As millions of worshipers around the globe enter the month of April preparing to celebrate Holy Week, Passover and Ramadan in the age of coronavirus, Cathedral of St. John the Divine in Manhattan is set to open its doors to 400 beds for non-COVID-19 patients to make more space in the hospitals for those suffering from the coronavirus. But there’s a catch: The city is partnering with the Christian fundamentalist group Samaritan’s Purse, led by Franklin Graham, a virulently Islamophobic, anti-choice and anti-LGBTQ preacher. Last week, the group erected an emergency field hospital in Central Park to treat spillover patients from Mount Sinai Hospital. New York Mayor Bill de Blasio has promised to send aides to monitor the group to prevent discrimination against patients. We speak to Bishop Clifton Daniel, the dean of the Cathedral of St. John the Divine in New York City, who says he rejects the values of Samaritan’s Purse but welcomes their help regardless. “We are in the business of saving lives and helping people,” Dean Daniel says. “If you are in the desert dying of thirst and somebody hands you a glass of water, you don’t check their driver’s license. You just say 'thank you.'”
AMY GOODMAN: This is Democracy Now! We’re broadcasting from the epicenter of the pandemic in the United States, New York City. As millions of worshipers around the globe enter the month of April preparing to celebrate Holy Week’s Passover, Ramadan in the age of coronavirus, we turn now to the Cathedral of St. John the Divine in Manhattan. It’s an iconic institution in the Upper West Side, Harlem, which is set to open its doors to nearly 400 beds for patients to make more space in hospitals for those suffering from coronavirus. But there is a catch: The city is partnering with the Christian fundamentalist group Samaritan’s Purse, led by Franklin Graham, the virulently Islamophobic, anti-choice, anti-LGBTQ preacher. Last week, the group erected an emergency field hospital in Central Park to treat spillover patients from Mount Sinai Hospital. New York Mayor Bill de Blasio has promised to send aides to monitor the group to prevent discrimination against patients.
Well, for more, we’re joined on the phone by Bishop Clifton Daniel, the dean of the Cathedral of St. John the Divine in New York City.
Welcome to Democracy Now! We have a lot to ask you in a very short period of time. But can you talk first about the decision to work with Samaritan’s Purse, because St. John the Divine is known by so many, for so many decades, as a pro-LGBTQ rights church, a safe space for people in many discriminated-against groups to feel free to be their whole selves?
BISHOP CLIFTON DANIEL: Yes. Good morning, Ms. Goodman. Hello?
AMY GOODMAN: Hi. It’s great to have you with us. Can you talk about your decision to allow your church to be used as a hospital run by Franklin Graham’s Samaritan’s Purse?
BISHOP CLIFTON DANIEL: Absolutely. I’m honored to be on your program, and I’m glad to speak with you. St. John the Divine was begun in 1897. It’s chartered by the state of New York, the Legislature, and it is chartered as a house of prayer for all people. And through the years, we’ve come to understand that to mean all means all. So anybody is welcome in this place to worship here. We have diverse groups worshiping and meeting here. We’ve always, always been at the forefront of inclusion. We’ve always been at the front. In the AIDS crisis, St. John’s stepped up. We have the National AIDS Memorial here now. We have a very active LGBTQ ministry, and people serve. We are honored to be that. The door of this place is open to everybody. Our heart is open to everybody.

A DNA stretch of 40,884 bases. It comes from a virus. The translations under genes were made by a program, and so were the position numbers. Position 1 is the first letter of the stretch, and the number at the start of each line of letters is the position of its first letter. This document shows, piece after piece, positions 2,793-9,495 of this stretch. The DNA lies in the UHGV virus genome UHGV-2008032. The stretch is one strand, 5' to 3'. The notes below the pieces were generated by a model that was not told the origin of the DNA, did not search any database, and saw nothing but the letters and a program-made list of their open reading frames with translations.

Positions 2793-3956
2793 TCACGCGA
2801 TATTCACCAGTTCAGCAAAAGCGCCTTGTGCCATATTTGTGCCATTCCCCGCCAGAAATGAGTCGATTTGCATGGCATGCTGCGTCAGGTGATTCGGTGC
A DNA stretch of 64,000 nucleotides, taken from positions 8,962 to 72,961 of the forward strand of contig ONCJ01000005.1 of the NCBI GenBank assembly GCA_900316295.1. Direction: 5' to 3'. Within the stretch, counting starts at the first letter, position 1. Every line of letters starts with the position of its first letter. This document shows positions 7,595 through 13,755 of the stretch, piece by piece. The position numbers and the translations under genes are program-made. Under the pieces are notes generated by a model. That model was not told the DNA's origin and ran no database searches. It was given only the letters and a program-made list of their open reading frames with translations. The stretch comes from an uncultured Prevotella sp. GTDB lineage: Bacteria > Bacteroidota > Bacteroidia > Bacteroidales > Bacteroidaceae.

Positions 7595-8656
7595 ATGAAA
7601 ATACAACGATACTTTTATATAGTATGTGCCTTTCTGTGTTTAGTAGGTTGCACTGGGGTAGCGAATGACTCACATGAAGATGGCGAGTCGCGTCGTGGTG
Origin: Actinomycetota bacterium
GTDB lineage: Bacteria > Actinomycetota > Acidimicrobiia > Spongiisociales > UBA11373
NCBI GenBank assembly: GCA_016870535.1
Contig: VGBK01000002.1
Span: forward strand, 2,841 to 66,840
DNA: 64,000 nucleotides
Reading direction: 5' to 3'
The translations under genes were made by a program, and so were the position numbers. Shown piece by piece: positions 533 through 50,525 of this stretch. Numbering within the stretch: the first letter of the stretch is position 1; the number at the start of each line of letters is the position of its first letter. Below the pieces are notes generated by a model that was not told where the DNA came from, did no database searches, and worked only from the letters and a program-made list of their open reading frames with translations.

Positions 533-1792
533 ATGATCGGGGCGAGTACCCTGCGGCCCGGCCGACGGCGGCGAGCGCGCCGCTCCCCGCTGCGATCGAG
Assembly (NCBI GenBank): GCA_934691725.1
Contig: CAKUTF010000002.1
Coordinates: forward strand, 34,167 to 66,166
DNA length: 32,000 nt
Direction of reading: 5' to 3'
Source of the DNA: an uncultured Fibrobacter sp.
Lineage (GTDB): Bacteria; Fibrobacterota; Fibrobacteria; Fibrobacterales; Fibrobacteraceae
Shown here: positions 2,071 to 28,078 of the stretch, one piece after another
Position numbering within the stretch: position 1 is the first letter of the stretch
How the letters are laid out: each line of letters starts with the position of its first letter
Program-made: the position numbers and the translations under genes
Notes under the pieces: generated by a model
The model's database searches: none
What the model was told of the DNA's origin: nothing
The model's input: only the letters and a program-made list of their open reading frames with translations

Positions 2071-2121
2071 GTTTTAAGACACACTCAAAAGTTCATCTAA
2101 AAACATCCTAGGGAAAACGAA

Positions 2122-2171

When the COVID crisis began, I called the president Mount Sinai, St. Luke’s, and spoke with him about it and said, “I don’t know what we’re going to need, but let me assure you the doors of the cathedral are open to you for whatever you need.” So he called me back a few weeks later and said, “We think we might need to use the cathedral as overflow hospital space.” I said, “Of course. I’m glad to do that.” That’s the traditional role of cathedrals in past pandemics and plagues.
When I was contacted again, he said, “We are partnering with Samaritan’s Purse, and they’re going to be the volunteers who set up the hospital for us.” And I said, “Fine.” Now, I know what Franklin Graham stands for, and I am not for what he stands for at all. But at the same time, we’re in the business of saving lives and helping people. And I think if you’re in the desert dying of thirst and somebody hands you a glass of water, you don’t check their driver’s license. You just say “thank you.” So I said “thank you,” and we’re opening the hospital now — I mean, the cathedral now to the hospital. And today the tents will be set up inside the cathedral.
AMY GOODMAN: And the hospital is opening with nearly 400 beds?
BISHOP CLIFTON DANIEL: Yes, ma’am.
AMY GOODMAN: Well, I want to thank you so much, Bishop Clifton Daniel. And I wanted to ask if you could stay for just five more minutes as we finish this show, so that I could talk to you about religion in the time of coronavirus —
BISHOP CLIFTON DANIEL: Sure.
AMY GOODMAN: — as we enter the sacred week — month of April, with Holy Week, with Passover, with Ramadan coming up, and what spirituality means at a time like this. We’ve been speaking with Bishop Clifton Daniel, dean of the Cathedral of St. John the Divine in New York City.
That does it for our show. Democracy Now! produced by a remarkable group of people. Most are working from home to protect against community spread, incredibly dedicated. I am in awe of my colleagues every day: Mike Burke, Renée Feltz, Deena Guzder, Nermeen Shaikh, Carla Wills, Tami Woronoff, Libby Rainey, Sam Alcoff, John Hamilton, Robby Karran, Hany Massoud, Charina Nadura, Tey-Marie Astudillo, Adriano Contreras, María Taracena. Special thanks to Julie Crosby and Denis Moynihan. I’m Amy Goodman. Thanks so much.